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Dear native speakers,

In Japanese, we do not need to care about whether a certain noun is countable or uncountable. However, in English, a noun can be classified into these three: countable, uncountable, or both. Because of this difference in use of language between these two countries, sometimes I have a very hard time understanding if certain nouns can be countable or uncountable, or could be both. In dictionaries, some words are written as both "countable" and "uncountable," which confuses me more.

Well, for example, what about the nouns like "electric current," "voltage," and "reset" (here, "reset" is used as a noun)? Are they countable or uncountable, or could be both? When the third one (=could be both) applies, how can I know when to make these nouns countable and when to make these nouns uncountable?

(In case of countable)
a direct current (DC), an alternate current (AC), a through current, direct currents, alternate currents, and through currents, a voltage, voltages

(In case of uncountable)
direct current (DC), alternate current (AC), voltage, and the like.

Native speakers, please, please help me.
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Tough question. You'll have to read a lot and learn patterns of usage. There are no straight rules.
See this, this was written for the Japanese:
See these sites:


Notes on English Composition

written by Glenn Paquette

This is the first in a planned series of notes on English composition. These notes are intended as a reference for the writing of academic works to be used by ``non-native" physicists and mathematicians. They are specifically designed to help Japanese writers, but hopefully they will be found useful by a wider audience.

http://www2.yukawa.kyoto-u.ac.jp/~ptpwww/eng-note/e-note.html
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Gorihow can I know when to make these nouns countable and when to make these nouns uncountable?
You don't actually 'make them countable' and 'make them uncountable'. There's something wrong about the way you're explaining these concepts to yourself.
It may be useful for you to think of such words as really two words. Let's just take one as an example: voltage.
You can think of it like this: There is one word voltage which is uncountable. There is another word a voltage which is countable. The two are related, but they don't mean exactly the same thing.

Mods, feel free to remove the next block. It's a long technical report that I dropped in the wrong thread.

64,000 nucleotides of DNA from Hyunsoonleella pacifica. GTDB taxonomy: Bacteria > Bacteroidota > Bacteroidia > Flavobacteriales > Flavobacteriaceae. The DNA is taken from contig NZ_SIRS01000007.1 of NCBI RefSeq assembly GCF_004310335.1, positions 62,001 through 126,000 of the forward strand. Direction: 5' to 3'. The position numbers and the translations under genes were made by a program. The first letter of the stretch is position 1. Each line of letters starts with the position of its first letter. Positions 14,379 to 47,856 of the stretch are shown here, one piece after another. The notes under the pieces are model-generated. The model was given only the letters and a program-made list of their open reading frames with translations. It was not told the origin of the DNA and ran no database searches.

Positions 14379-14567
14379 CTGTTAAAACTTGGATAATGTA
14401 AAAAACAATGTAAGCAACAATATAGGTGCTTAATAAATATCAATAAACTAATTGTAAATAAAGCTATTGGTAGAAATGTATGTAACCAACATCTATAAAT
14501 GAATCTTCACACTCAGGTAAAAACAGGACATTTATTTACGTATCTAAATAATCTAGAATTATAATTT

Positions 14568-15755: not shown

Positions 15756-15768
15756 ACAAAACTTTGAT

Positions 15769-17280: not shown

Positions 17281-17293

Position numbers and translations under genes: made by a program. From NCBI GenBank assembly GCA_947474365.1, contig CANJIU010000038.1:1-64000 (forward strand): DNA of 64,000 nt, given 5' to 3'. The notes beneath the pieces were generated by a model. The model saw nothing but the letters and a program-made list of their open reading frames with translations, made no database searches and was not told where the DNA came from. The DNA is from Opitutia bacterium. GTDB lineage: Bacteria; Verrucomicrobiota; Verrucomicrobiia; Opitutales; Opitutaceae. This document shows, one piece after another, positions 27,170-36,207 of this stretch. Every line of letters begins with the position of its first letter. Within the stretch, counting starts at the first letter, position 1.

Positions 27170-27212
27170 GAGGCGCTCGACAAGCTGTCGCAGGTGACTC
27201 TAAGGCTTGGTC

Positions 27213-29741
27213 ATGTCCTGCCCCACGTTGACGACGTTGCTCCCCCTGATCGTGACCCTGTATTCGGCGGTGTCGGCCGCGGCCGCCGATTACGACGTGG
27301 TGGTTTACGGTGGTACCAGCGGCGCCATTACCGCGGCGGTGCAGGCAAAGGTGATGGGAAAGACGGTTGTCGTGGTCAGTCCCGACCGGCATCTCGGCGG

voltage (uncountable) is like a substance. There is more of it or less of it. It's more abstract. Voltage (uncountable) is like electrical pressure.
a voltage (countable) is really more like a measurement of voltage (uncountable) -- so many volts. 110 volts is a voltage. 110 volts and 220 volts are two voltages.
If what you have in your mind is the abstract, substance-like idea of voltage, use voltage (uncountable). It's not that you are 'making it uncountable'. It's that you're choosing the uncountable form because that's what you're thinking.

If what you have in your mind is the measurement-like idea of voltage, use a voltage (countable). It's not that you are 'making it countable'. It's that you're choosing the countable form because that's what you're thinking.

CJ
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Comments  
Read many of the previously published threads here:
http://www.EnglishForward.com/search/countable+uncountable.htm
Thank you for your reference, comments, and advice.
I will read these threads, taking more time. Thank you.

By the way, could you please tell me if the words such as voltage" and "electric current" can really be countable. In other words, is it NOT wrong if they are written like "a voltage" or "voltages", or "an electric current" or "electric currents" somewhere in a sentence? In my dictionary, both of these words are refered as "countable/uncountable" nouns. Isn't this mean that these words can be with an article (a/an) or in a form of plural, or else uncountable?
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 CalifJim's reply was promoted to an answer.
Dear CJ

Thank you for clarifying these points.
Your comment and advice are very informative and helpful.
I really appreciate it!